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After a long wait, a draft of a Senate bill effectively mandating backdoors in encryption in the United States leaked to the public late Thursday night.
The bill, co-authored by Sens. Richard Burr (R-N.C.) and Dianne Feinstein (D-Calif.), directs companies to provide “information or data” to the government “in an intelligible format” when a court orders them to do so. If a company cannot do it—because of encryption—they must offer technical assistance to obtain the data.
Encryption has been at the center of a political storm for several years now, one that’s flared in intensity in the last year as American tech companies like Apple, Facebook, and Google continue to push for mainstream adoption of encryption.
“The first thing that’s going to happen is that any backdoor legislation is going to be tied up in the courts for years.”
In the event the Burr bill passes Congress and is signed into law, the legal challenges will be considerable.
“The first thing that’s going to happen is that any backdoor legislation is going to be tied up in the courts for years,” Nate Cardozo, staff attorney at the Electronic Frontier Foundation, told the Daily Dot. “The EFF is going to lead that effort. So nothing will happen at the beginning.”
A wide consensus of technologists agree that backdoors into encryption—even if they are originally meant specifically for one agency or purpose—create a larger vulnerability that weakens cybersecurity overall.
Burr holds the opposing stance, arguing that legally mandated backdoors do nothing to weaken encryption.
“There is nothing in the draft language of the bill that calls for weaker encryption,” Burr told the Daily Dot in a previous email interview. “I support encryption. I believe it is a priority to keep Americans’ information safe and I also believe that private entities are also subject to U.S. law. When a judge issues an order, we are all required to follow the law.”
While the encryption debate continues to rage in the U.S., other countries have taken steps to settle it. The Dutch government, for example, issued a strong statement against weakening encryption for the purposes of law enforcement.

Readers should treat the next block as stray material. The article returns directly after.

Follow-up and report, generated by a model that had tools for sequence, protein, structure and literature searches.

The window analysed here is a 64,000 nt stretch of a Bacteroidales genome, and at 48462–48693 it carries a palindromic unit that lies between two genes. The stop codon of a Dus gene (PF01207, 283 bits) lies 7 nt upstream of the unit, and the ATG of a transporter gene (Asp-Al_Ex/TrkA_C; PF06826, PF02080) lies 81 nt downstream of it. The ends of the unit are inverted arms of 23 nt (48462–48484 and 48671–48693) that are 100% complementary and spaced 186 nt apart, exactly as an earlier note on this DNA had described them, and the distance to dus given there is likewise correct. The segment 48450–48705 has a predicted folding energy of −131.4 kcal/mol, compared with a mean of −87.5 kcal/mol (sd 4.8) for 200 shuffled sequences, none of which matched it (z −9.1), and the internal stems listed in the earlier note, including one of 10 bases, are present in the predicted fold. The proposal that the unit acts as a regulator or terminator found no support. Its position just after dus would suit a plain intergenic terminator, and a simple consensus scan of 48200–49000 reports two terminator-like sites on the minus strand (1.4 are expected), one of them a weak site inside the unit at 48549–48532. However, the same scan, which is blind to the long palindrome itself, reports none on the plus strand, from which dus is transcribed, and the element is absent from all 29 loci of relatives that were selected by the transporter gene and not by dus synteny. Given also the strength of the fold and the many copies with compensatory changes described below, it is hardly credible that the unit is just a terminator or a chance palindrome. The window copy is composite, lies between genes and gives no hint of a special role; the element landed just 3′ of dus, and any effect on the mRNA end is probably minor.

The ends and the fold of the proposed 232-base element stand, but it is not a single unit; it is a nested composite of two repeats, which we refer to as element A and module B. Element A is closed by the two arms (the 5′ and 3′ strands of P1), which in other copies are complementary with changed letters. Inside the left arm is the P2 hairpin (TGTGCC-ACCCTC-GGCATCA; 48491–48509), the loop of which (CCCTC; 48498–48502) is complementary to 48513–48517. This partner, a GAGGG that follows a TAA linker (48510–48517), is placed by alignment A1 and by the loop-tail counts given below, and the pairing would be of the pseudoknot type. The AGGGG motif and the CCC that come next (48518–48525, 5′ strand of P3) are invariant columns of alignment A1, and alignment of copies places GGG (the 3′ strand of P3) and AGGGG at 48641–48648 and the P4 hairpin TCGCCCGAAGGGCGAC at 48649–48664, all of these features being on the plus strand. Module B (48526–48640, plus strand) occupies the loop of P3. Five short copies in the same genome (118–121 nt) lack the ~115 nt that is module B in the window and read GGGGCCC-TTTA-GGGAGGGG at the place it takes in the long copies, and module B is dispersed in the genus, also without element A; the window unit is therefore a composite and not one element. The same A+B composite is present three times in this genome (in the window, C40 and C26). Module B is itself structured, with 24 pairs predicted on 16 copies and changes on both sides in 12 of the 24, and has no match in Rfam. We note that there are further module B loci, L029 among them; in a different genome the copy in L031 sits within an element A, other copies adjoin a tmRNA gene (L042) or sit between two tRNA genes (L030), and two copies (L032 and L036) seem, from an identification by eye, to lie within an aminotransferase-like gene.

Simon Crosby, the chief technology officer of the security firm Bromium, told the Daily Dot why he thinks the Dutch model ought to be held up highly around the world.
“The Dutch government’s decision is laudable in light of the fact that back-doored, or weakened encryption has been repeatedly shown to render both organizations and individuals vulnerable to surveillance–whether by government or malicious actors,” Crosby said. “Ultimately, if we make strong encryption illegal then only criminals will have access to strong encryption–which is precisely the opposite of the desired outcome. The encryption genie is out of the bottle, and there’s no putting it back.”
Burr and Feinstein say they are still working on finalizing the language of the legislation. “However, the underlying goal is simple,” the two senators said in a joint statement. “When there’s a court order to render technical assistance to law enforcement or provide decrypted information, that court order is carried out. No individual or company is above the law. ”
Patrick Howell O'Neill is a notable cybersecurity reporter whose work has focused on the dark net, national security, and law enforcement. A former senior writer at the Daily Dot, O'Neill joined CyberScoop in October 2016. I am a cybersecurity journalist at CyberScoop. I cover the security industry, national security and law enforcement.